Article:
What will it take?

Ok… well here we go, my first chance to steer away from the technological aspects of this course… although I don’t know how any blog can not be related to technology, due merely to the fact that a blog requires a fairly advanced combination of technology. This post relates to the intersection of nature and society.

So in searching for a blog to review I found a list of blogs related to the December ’05 tsunami, a natural (or was it?) disaster, occurring in South East Asia. I came across one blog that was a honey-mooning couples account of the seismological activity and resultant environmental and cultural effects. If you have the time to skim through this blog please pay special attention to the recurring theme: what happened to the couple’s luggage.

The point I want to make here, is that planet Earth just experienced one of the largest natural disasters in recent history, yet many of the human inhabitants of the Earth can not get past the idea that the tsunami may affect their cultural lives. The honey-mooning couple was worried about their luggage, locals are worried about rebuilding their homes, caring individuals are thinking about and helping the many orphaned children, but who is thinking about the state of the Earth?

With global climate change upon us, scientists are predicting that natural disasters will only happen more frequently and more intensely, drastically altering the Earth as we know it. What is the sake of culture if there is no place to host it?

What people all around the world need to start realizing is that these “natural disasters” may not be so natural at all… that is if you consider humans to be removed from nature. Human induced climate change is a real possibility – it may be that our own species is taking enjoyment (i.e. driving around their fancy cars, consuming factory made goods) from creating conditions that may prove only to deteriorate the cultural world as we know it. Hundreds, even thousands, of communities were demolished as a result of December’s tsunami – why wasn’t it yours or mine? What will it take for people to realize that we are our own demise?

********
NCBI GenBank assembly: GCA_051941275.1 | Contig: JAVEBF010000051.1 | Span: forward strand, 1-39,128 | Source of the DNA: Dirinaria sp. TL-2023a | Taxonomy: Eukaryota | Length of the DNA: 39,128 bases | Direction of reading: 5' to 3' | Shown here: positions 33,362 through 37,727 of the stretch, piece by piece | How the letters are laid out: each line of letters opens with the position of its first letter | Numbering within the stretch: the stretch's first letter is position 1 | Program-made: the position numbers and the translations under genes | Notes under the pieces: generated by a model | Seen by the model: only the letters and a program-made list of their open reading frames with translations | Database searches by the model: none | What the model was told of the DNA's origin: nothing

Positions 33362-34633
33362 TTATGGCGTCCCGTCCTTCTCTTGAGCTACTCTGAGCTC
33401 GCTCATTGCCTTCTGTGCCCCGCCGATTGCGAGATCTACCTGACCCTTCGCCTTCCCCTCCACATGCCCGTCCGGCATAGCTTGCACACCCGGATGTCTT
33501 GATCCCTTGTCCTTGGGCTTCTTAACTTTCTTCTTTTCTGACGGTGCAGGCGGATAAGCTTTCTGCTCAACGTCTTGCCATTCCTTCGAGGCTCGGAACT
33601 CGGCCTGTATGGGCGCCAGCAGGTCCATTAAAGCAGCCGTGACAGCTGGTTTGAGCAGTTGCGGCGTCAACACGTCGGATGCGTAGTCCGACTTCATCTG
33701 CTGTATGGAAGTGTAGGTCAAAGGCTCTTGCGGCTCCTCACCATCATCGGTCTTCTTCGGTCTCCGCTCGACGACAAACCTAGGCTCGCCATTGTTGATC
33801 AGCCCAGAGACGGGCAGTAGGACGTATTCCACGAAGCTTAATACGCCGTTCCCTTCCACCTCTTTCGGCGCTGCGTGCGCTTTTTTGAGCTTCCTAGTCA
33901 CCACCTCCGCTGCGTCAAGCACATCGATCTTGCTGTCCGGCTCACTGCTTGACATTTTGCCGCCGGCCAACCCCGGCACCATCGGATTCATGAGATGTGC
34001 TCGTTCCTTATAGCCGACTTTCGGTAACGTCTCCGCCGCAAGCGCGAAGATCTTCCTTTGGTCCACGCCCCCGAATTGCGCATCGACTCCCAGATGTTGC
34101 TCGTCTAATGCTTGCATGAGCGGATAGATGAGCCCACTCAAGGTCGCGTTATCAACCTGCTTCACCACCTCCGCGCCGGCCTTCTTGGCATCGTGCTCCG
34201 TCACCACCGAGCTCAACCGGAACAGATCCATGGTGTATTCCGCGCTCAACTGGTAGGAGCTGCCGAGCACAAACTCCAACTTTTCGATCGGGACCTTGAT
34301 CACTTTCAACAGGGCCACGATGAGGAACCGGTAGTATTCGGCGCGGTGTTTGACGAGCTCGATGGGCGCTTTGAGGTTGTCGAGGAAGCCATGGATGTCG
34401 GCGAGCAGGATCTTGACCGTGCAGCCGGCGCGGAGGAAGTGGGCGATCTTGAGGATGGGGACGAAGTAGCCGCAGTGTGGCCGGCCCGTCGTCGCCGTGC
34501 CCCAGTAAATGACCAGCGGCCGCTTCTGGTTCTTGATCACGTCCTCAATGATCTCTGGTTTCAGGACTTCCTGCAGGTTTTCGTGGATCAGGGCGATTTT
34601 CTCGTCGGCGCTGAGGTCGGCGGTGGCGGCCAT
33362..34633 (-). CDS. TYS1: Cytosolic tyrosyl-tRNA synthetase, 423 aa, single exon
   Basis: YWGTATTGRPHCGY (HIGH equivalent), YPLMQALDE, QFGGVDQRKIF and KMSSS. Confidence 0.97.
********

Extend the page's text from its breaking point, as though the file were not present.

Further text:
No amount of warning signals (eg. Tsunami) or awareness attempts (eg. “The Day After Tomorrow”) seem to be working: I still see countless cars everyday carrying only one person and there is no shortage of goods requiring huge factory emissions for production. Societal stubbornness wins out again.

Wake up people!

2 Responses to “What will it take?”

  1. Hannah says:

    Your blog inspired me to put up an “Energy Awareness” sheet on the refrigerator, for me and my roomates. I jotted some things we could do to save energy, such as turning off lights when not in use, trying to limit shower to 10-15 minutes or less, turning off appliances/stuff when not in use, in order to cut down the bill and reduce consumption, but when I got home my roomate was taking like a 30 minute shower, the lights were on everywhere in the apartment, even though no one else was home, and her radio was on and the music was soft, so she couldn’t even hear it from the shower…I even mentioned the tsunami, and she’s from Thailand! (I’m not saying that she wasn’t affected, or didn’t care…she did help raise funds for the relief, but there are other ways you can make a difference too, without giving money). Maybe it will take a bit of time to get used to the suggestions on the fridge…I guess we can only be the role models and take action as individuals. Knowing that you have the power to choose the way you want to live, can give you strength when you recognize that your own actions are inteded well, and that is a virtuous thing…and knowing there are others who are like you…

  2. sieber says:

    We talk about the death of distance in class. However, I wonder if our use of electronic devices–I think specifically of our cell phones–renders us more isolated or at least so self-centered that we cannot think beyond our own lives to the impact we have on the environment.